Home Afternoon Brief Afternoon Brief, May 31Afternoon BriefAfternoon Brief, May 31By Editor – May 31, 2017 36 0 Advertisement Share Previous articleSTACT Releases the Next Generation of Label-out Wine StorageNext articleCalifornia Association of Winegrape Growers Foundation Awards $30,000 in Student Scholarships Editor Subscribe to the Afternoon Brief Email Pinterest Linkedin Subscribe to the Afternoon BriefAdvertisement Facebook Trending Story:WineAmerica and Wine Industry Network Join ForcesWine Industry Network and WineAmerica today announced that WineAmerica, the National Association of American Wineries, will be the Presenting Sponsor for Washington, D.C. based U.S. Wine & Beverage Conference and Expo…Today’s News:Not Attending Auction Napa Valley? Bid from Anywhere on Nearly 300 Lots of Wine and ExperiencesThe Napa Valley Vintners 37th annual Auction Napa Valley, the world’s most celebrated charity wine event, gets underway on June 1. This year, wine lovers around the world…The East Coast Revival Is a Boon for Virginia WineThe Virginia wine scene exists within a larger post-Prohibition wine revival sweeping across the United States. Before Prohibition, the East Coast had a thriving wine trade…Kentucky Craft Bash to Be the First Eco-Friendly Brewing FestivalThe Kentucky Guild of Brewer’s inaugural Kentucky Craft Bash taking place on Saturday 24 June, has teamed up with Petainer to help the event go green…How Noble Rot Makes for a Better, Peachier White WineRipe Fruit Makes the Best Wine, but New Research Into Why May Surprise YouIdaho Wines: Cleared for TakeoffTop Ten Trends That Are Shaping the Beverage IndustryEl Dorado Winery Association Hosts Second Annual Blind Barrel EventNapa Valley Wine Auction Gears Up for Four Days of Luxurious HospitalityTennessee Governor Names May “Wine and Grape Appreciation Month”Michael Fridjhon: Time to Overhaul The Business of South African WineWineries Encouraged to Get Involved in $50M Chardonnay Export and Tourism PushNeil McGuigan: Opportunity in China Huge for Australian WineTop 5 Consumer-Ranked Spirits Brands in the U.S.Blogs:How Will Brexit Impact World Wine Markets? A Dismal New ForecastA Good Year – A Great MovieWe Asked 10 Somms: Which Wine Are You Drinking Off the Clock?Andrew Jefford: Learning to Taste BetterRosés to Write Home AboutWineIndustry.Jobs:Southeast Technical Sales RepresentativeGusmer Enterprises, Inc. – Louisville, KY, United StatesWarehouse Inventory ManagerAKA Wines LLC – Sonoma, CA, United StatesAssistant WinemakerGalena Cellars Vineyard & Winery – Galena, IL, United StatesMore Wine Industry Jobs…Feature Your Job Listing in the Afternoon BriefPeople:California Wine Pioneer Richard Ward DiesSer’s Winemaker Nicole Walsh Committed to Wines of PlaceJeb Dunnuck to Leave Wine Advocate and Start His Own PublicationJustin Bieber Fuels Brosé PhenomenonMexican Immigrants in Napa Valley Went from Migrant Workers to California Vineyard OwnersSupplier News:Bouchard Cooperages Partners with Drunk Turtle to Provide Italian Cocciopesto TanksIncrease Your profits from Private Label, Bulk Wine and Contract BottlingOptimum Red: Increased Roundness in Red WinesSTACT Releases the Next Generation of Label-Out Wine StorageMore Supplier News …Vineyard & Winery:Plagido’s Winery Wins “Winery of the Year” for 2nd Consecutive YearJim Beam Returns to Sponsor Car with 2017 Indianapolis 500Heads of State and International Delegates Will Taste the Selections of Carpenè Malvolti at G7 Summit in TaorminaExplosion Hits Winery at Wolf CreekFrench Joke Wins English Wine Award for La Perfide ReddIt TAGSAndrew JeffordAuction Napa ValleyAustraliaBouchard CooperagesBrexitChinaFranceInternational Bulk Wine & Spirits ShowJustin BieberMexicoMichael FridjihonNapaNeil McGuiganNicole WalshRichard WardSer WinerySouth AfricaSTACTTennesseeVirginiaWinery at Wolf Creek Twitter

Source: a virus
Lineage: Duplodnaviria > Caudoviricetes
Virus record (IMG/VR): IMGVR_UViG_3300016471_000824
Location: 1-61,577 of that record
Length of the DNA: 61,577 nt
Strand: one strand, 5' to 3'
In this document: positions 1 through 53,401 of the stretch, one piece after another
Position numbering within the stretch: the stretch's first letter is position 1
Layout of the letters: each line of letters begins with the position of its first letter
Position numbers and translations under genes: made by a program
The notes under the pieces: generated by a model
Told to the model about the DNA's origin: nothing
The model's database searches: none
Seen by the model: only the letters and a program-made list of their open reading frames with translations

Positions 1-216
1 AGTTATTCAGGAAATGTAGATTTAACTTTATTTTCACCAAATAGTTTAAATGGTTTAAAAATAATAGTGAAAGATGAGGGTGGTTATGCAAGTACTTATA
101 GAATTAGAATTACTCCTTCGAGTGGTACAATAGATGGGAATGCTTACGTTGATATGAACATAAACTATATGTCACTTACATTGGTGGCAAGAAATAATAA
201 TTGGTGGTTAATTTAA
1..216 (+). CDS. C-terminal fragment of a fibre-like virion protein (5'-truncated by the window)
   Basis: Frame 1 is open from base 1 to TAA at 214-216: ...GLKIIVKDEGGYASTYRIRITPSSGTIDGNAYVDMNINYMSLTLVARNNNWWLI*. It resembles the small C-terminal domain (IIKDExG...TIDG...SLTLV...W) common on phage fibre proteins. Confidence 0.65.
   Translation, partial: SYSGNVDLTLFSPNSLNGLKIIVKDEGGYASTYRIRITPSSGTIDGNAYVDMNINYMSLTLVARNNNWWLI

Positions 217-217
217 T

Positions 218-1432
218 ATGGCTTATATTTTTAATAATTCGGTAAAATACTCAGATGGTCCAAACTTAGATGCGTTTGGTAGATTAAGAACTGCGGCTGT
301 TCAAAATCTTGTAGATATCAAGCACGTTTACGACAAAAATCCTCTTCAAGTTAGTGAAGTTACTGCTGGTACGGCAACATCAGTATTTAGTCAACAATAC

TAIPEI, Taiwan – Eun-hee Ji took a one-stroke lead over Lydia Ko on Friday in the LPGA Taiwan Championship, overcoming back pain and a double bogey in windy and rainy conditions. The 29-year-old South Korean player finished with a 3-under 69 to reach 9-under 135 at Miramar. She made the double bogey on the par-5 sixth after hooking her drive out of bounds, rallied with birdies on Nos. 9-11 and closed with seven straight pars. ”I hurt my middle back this morning,” Ji said. ”Just bothering me on my swing, and especially with my driver.” The second-ranked Ko birdied the par-5 18th for a 67. ”It’s always good to finish on a birdie,” Ko said. ”I’ve just got to keep my head high. Especially with the weather conditions, anything can happen.” The 18-year-old New Zealander is trying to regain the No. 1 spot in the world from South Korea’s Inbee Park, the winner last year at Miramar. Park is skipping her title defense to play in a Korea LPGA event, where she dropped into a tie for seventh Friday. Ko won the Evian Championship in France last month to become the youngest major champion and has three other LPGA victories this year. She won the 2013 Swinging Skirts World Ladies Masters at Miramar for her first victory as a professional. Ji won the 2008 LPGA Championship and 2009 U.S. Women’s Open, both majors, for her lone LPGA titles. ”The weather is going to be like this tomorrow and the day after, so trying to be patient every day and just focus on my play,” Ji said. ”The greens are going to be softer, so that makes a little easier, actually.” England’s Charley Hull and China’s Lin Xi-yu, both 19, were tied for third at 7 under. Hull shot a 69, and Lin had a 70. Hull saved par on 16 and bogey on 17 with 5-foot putts, then missed a 5-footer for birdie on 18. ”A shame I didn’t birdie the last, bogeyed 17,” Hull said. ”But I was plugged in the bunker on 17 and I made a good up-and-down, so it wasn’t too bad.” She’s right at home in the tough conditions. ”I quite like it like this. It’s been fun,” Hull said. ”It’s a bit rainy, so it’s a bit like a British Open, but obviously a lot warmer. … I just love playing in the wind.” South Koreans So Yeon Ryu (69) and Sun Young Yoo (71) were 5 under. Norway’s Suzann Pettersen followed her opening 74 with a 66 – the best round of the day – to move into a tie for seventh at 4 under. She won the event in 2012 and 2013 at Sunrise. American Morgan Pressel and Germany’s Sandra Gal, tied for third after opening rounds of 68, dropped off the leaderboard. Pressel had a 75 to fall into a tie for 16th at 1 under, and Gal was tied for 36th at 2 over after a 78. Taiwanese star Yani Tseng was tied for 32nd at 1 over after a 73. She won the inaugural event in 2011 at Sunrise. Third-ranked Stacy Lewis was tied for 55th at 5 over after a 72. She opened with a 77, her worst score since a 78 in the final round of the 2013 U.S. Women’s Open. The American finished second last year at Miramar. The tournament is third in the five-event Asian Swing. The Blue Bay LPGA is next week in China, followed by the Japan Classic.